The case of North Korea is starkly painted in the report of the COI. The witnesses around whom the case is constructed commonly gave their testimony in public, and it is available online. This COI was transparent in its procedures, its recommendations, including invocation of the ICC, constitute an implementation of the R2P.
In October, November and December 2014, we can expect issues of North Korea to be debated in the General Assembly and, hopefully, the Security Council. Those who would impede the near unanimous demand for action to uphold universal human rights will be watching closely the response of the UN. This is one occasion where the UN machinery has acted swiftly, efficiently, and with a compelling report. Now it is for politicians and diplomats to convert into action. History will judge severely (as will the watching people of the world) the actions of those who would impede an effective response. Building blocks of R2P are there. But will the players grasp them, and ensure that human rights come at last to the people of DPRK?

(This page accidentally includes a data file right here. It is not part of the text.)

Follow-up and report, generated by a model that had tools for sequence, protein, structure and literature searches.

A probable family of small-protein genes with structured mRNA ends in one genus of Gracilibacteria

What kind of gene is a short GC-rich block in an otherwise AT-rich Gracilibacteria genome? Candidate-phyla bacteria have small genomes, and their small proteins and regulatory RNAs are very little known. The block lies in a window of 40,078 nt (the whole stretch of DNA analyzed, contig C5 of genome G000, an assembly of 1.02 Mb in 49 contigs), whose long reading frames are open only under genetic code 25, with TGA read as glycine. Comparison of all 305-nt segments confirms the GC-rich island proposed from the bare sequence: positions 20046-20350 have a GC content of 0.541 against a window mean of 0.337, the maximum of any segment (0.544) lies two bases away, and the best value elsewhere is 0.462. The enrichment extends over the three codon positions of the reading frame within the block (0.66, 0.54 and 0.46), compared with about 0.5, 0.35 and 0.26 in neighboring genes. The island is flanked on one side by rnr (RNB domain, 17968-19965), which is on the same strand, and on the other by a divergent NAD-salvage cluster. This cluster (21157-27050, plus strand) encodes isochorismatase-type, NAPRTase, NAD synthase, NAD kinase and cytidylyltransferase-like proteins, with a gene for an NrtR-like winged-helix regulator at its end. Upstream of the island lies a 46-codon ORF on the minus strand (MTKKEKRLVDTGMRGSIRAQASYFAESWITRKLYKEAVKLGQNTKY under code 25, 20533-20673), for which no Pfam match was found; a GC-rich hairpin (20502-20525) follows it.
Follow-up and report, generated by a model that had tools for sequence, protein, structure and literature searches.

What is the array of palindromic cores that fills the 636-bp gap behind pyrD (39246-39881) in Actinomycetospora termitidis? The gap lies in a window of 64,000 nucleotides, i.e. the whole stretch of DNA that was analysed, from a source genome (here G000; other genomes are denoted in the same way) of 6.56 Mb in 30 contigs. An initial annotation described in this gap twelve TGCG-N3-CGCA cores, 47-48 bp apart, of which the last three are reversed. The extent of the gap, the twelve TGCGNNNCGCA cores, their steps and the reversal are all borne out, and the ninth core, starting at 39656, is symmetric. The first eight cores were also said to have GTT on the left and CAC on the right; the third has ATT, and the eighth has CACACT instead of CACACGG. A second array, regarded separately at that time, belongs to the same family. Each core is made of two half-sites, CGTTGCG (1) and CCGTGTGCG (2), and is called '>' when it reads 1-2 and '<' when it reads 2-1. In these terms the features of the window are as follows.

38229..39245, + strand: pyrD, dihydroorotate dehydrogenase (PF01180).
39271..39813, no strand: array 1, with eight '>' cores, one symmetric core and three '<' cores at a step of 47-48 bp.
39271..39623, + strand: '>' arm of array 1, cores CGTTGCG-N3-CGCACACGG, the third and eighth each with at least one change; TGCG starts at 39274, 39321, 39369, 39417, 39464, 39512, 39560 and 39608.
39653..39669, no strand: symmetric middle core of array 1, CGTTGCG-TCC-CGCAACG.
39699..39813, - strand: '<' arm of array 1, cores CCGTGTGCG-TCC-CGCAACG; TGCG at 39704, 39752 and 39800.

The Hon. Michael Kirby (Australia) is former Justice of the High Court of Australia (1996-2009); President of the International Commission of Jurists (1995-8); and UN Special Representative for Human Rights in Cambodia (1993-6). In this article, drawing upon a talk he gave to the Hague Institute for Global Justice on March 20, 2014, he describes the work of the UN Commission of Inquiry on Human Rights in DPRK: A/HRC/25/63 (7 February 2014).